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The Supreme Court affirmed in part and vacated and reversed in part Defendant’s convictions of child abuse and neglect, twenty-nine counts of use of a child in the production of pornography, ten counts of possession of visual presentation depicting the sexual conduct of a child, and open or gross lewdness. The court held (1) the State properly charged Defendant with two counts of violating Nev. Rev. Stat. 200.710(2) for each video file that depicted two minors; (2) Defendant was improperly convicted under section 200.730 on a per-image basis without showing the mechanics of how Defendant recorded and saved the various video files and digital images of children on his laptop; (3) Nevada’s statutes barring the “sexual portrayal” of minors do not implicate protected speech and are not unconstitutionally vague; (4) there was insufficient evidence to support Defendant’s conviction under Nev. Rev. Stat. 201.210; and (5) Defendant’s asserted trial errors did not warrant reversal. View "Shue v. State" on Justia Law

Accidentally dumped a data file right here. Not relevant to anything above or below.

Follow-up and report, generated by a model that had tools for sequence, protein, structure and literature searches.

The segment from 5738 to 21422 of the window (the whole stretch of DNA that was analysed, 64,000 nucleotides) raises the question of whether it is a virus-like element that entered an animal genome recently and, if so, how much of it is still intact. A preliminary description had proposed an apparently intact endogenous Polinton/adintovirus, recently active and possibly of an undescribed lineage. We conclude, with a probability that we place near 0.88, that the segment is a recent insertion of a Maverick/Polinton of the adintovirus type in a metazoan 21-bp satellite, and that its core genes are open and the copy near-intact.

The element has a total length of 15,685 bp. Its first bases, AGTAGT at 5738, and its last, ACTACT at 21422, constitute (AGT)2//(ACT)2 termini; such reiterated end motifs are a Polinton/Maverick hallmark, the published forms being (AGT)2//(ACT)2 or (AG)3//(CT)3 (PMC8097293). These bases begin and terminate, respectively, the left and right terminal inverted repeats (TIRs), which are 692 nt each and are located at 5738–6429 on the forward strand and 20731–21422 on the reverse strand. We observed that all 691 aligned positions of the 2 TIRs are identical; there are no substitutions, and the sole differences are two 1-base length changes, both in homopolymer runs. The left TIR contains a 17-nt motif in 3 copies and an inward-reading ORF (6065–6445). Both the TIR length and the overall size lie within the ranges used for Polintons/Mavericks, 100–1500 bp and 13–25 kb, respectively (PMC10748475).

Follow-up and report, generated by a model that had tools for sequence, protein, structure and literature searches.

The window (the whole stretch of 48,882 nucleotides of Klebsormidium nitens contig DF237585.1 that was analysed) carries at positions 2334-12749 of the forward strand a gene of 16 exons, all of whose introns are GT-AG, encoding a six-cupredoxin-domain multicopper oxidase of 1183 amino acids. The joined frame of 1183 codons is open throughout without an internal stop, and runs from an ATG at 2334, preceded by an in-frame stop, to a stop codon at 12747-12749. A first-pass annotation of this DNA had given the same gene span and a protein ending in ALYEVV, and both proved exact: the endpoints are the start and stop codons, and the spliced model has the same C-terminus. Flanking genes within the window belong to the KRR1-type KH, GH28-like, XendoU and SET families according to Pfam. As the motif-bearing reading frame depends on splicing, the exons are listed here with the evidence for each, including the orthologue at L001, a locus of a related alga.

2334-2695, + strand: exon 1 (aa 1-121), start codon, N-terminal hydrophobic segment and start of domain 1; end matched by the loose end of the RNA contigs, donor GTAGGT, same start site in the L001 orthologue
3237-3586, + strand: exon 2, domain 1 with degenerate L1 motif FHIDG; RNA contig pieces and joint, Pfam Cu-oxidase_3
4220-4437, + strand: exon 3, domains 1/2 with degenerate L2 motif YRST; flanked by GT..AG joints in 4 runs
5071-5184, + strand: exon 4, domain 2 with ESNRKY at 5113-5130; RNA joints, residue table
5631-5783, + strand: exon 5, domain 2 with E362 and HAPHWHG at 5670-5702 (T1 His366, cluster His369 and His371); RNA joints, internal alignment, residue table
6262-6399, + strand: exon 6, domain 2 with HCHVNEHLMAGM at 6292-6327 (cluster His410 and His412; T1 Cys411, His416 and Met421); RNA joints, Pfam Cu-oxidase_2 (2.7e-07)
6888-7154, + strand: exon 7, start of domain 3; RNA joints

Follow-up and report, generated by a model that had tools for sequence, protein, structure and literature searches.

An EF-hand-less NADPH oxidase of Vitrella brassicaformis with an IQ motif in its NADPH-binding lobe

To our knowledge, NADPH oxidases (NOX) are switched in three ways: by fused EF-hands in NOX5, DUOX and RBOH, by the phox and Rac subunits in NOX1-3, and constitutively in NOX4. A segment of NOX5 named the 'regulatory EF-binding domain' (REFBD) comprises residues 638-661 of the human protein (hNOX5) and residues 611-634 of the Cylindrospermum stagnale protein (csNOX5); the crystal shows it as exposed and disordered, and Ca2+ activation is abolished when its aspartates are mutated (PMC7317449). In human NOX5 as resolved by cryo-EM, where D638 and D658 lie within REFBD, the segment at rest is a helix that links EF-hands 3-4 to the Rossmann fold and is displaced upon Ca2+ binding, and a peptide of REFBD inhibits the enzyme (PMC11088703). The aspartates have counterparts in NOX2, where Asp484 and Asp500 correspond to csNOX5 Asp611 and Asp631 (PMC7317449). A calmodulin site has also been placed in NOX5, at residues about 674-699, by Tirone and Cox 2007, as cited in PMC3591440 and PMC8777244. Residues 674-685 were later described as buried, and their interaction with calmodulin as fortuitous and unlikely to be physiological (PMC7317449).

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Nevada’s medical marijuana registry does not violate the Due Process, Equal Protection, or Self-Incrimination Clauses of the United States or Nevada Constitutions. Appellant in this case applied for and received a registry identification card. Thereafter, Appellant filed suit against the Nevada Legislature, the Governor, and the Department of Health and Human Services (collectively, Respondents) arguing that the medical marijuana registry and its associated fees violated his due process and equal protection rights and his right against self-incrimination. The district court granted summary judgment for Respondents. The Supreme Court affirmed, holding (1) Nevada’s medical marijuana registry does not impinge upon a fundamental right; (2) the registry is rationally related to the legitimate state interest of protecting the health, safety, and welfare of the public; and (3) the registry does not violate a registrant’s right against self-incrimination. View "Doe v. State ex rel. Legislature of 77th Session" on Justia Law